• Nods: Subtle nods are a key nonverbal cue that shows you actively listen to what someone is saying. Slowly nod your head 3 times to show you’re interested (even if you’re not). 
  • Eye contact: In general, you should look at someone for 70% of the time while they are speaking. Hold eye contact for 3-5 seconds at a time and then gaze away as you listen. Darting your eyes can make you seem nervous and uninterested.
  • Loud listening: Listening sounds like “oh,” “ah,” “wow,” or “mhm,” demonstrate that you are engaged as they talk.

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5. Ask them for advice

It may seem weird to ask someone you don’t like for advice, but this unlikely trick builds rapport in a secret way. 

Most know-it-alls and talkaholics love sharing their opinion! 

In her groundbreaking book Captivate, Vanessa Van Edwards discusses a study where they found that asking someone for advice makes you likable. This allows them to feel important and knowledgeable. 

Dodge stiff or uncomfortable moments with these simple advice-seeking questions:

  • I was wondering if I could get your opinion on [the latest iPhone/a new book/movie/equipment/any topic they seem interested in]?
  • Have you tried any new restaurants lately? 
  • Could you help me/give me advice on [project]?
  • Do you have any recommendations for [vacation destination/activity]?

Don’t worry; there is no need to take their advice.

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6. Find common ground between you

Psychologists have found that our desire for like-minded people is hardwired in our brains. If you can find similarities with someone you don’t like, it can take some strain off your interactions.

Focus on similar interests or a shared link between you, such as: 

  • A mutual friend
  • A family connection
  • A similar colleague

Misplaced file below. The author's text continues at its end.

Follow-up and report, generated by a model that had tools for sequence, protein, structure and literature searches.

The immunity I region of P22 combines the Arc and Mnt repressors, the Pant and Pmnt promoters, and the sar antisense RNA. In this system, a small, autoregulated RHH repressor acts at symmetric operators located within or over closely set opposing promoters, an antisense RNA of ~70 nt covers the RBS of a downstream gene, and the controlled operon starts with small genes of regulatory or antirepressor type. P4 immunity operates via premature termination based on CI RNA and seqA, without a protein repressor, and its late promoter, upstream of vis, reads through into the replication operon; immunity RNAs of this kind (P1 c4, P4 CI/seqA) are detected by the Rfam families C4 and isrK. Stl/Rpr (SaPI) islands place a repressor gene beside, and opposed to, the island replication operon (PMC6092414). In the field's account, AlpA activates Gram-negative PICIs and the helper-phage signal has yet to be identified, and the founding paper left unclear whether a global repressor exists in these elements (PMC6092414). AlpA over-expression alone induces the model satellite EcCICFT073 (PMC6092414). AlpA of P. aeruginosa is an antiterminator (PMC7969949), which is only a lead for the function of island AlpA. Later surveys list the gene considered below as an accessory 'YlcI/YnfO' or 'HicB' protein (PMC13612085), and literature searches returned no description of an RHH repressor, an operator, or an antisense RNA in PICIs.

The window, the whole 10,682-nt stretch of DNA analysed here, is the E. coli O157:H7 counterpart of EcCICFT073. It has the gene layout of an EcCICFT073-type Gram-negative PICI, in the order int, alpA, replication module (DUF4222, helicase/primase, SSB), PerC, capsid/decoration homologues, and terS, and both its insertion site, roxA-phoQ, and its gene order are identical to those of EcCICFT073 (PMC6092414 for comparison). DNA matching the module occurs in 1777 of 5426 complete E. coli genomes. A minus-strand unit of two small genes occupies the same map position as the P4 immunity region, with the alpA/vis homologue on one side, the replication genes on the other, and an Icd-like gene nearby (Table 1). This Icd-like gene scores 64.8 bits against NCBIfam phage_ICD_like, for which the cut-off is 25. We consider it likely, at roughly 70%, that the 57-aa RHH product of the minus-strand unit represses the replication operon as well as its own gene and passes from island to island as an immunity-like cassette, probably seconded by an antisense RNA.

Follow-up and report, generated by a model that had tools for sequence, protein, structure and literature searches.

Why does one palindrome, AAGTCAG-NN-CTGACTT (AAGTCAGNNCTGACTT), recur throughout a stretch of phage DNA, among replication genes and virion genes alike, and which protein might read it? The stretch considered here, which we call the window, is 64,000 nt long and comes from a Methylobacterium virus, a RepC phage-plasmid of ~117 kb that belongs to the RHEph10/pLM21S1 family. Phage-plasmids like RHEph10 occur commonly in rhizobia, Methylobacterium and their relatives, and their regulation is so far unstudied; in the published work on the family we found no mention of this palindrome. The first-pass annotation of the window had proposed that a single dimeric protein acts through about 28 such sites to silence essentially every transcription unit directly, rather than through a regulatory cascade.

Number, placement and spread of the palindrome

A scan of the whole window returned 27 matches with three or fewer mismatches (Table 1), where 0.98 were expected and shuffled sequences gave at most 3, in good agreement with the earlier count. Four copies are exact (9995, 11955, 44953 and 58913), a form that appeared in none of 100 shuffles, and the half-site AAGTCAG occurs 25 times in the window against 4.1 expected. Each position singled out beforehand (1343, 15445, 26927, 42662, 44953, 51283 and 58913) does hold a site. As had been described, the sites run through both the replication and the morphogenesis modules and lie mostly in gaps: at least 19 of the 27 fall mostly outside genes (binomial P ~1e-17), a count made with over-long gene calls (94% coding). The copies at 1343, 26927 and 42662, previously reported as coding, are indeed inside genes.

• A project you are both working on
  • A similar hobby 

You can say, “Hey, Joe! How is Rebecca doing?” or, “Your girlfriend (my bestie) seems like she loves her new job; what do you think about it?” 

Focusing on your similarities allows you to both talk about something you care about without having to talk about each other. It’s a win-win! 

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7. Put on a genuine smile with this trick 

You can spot people’s facial expressions in an unenjoyable conversation from a mile away. As both people try to look normal, their facial muscles tighten, their jaw is clenched, and everything looks forced. Their eyes might not be engaged with the smile and the look of false joy can quickly come and go. 

You probably know this feeling of plastering a fake smile on your face while you try to talk nicely to someone you don’t like. 

A fake smile can do more harm than good when talking with someone disagreeable. But a real smile is scientifically proven to make you appear more trustworthy and attractive

Thankfully, this simple trick can make your smile look more genuine:

  • Think of something joyful: What is something that will make you grin every single time you think about it? When you’re in a crunch to fake a smile, think about a hilarious memory with your friend or an adorable moment with your kid. This thought will instantly make your smile look more authentic. Plan the thought ahead of time so you can keep it in your back pocket when it comes time to smile politely. 
  • Take your time: The “savor smile” technique allows your grin to slowly emerge over the course of a half second or more. If a smile quickly flashes across your face and then disappears, it can look faker. 
  • Use your eyes: The biggest differentiator between a real smile and a fake one is the engagement of your eye muscles. A real “Duchenne” smile includes a slight squint that causes “crows foot” wrinkles around the eyes. A fake smile may only use the mouth. 

Before your next office party or family gathering, take note of these 9 Simple Tips to Smile Better (in any situation!)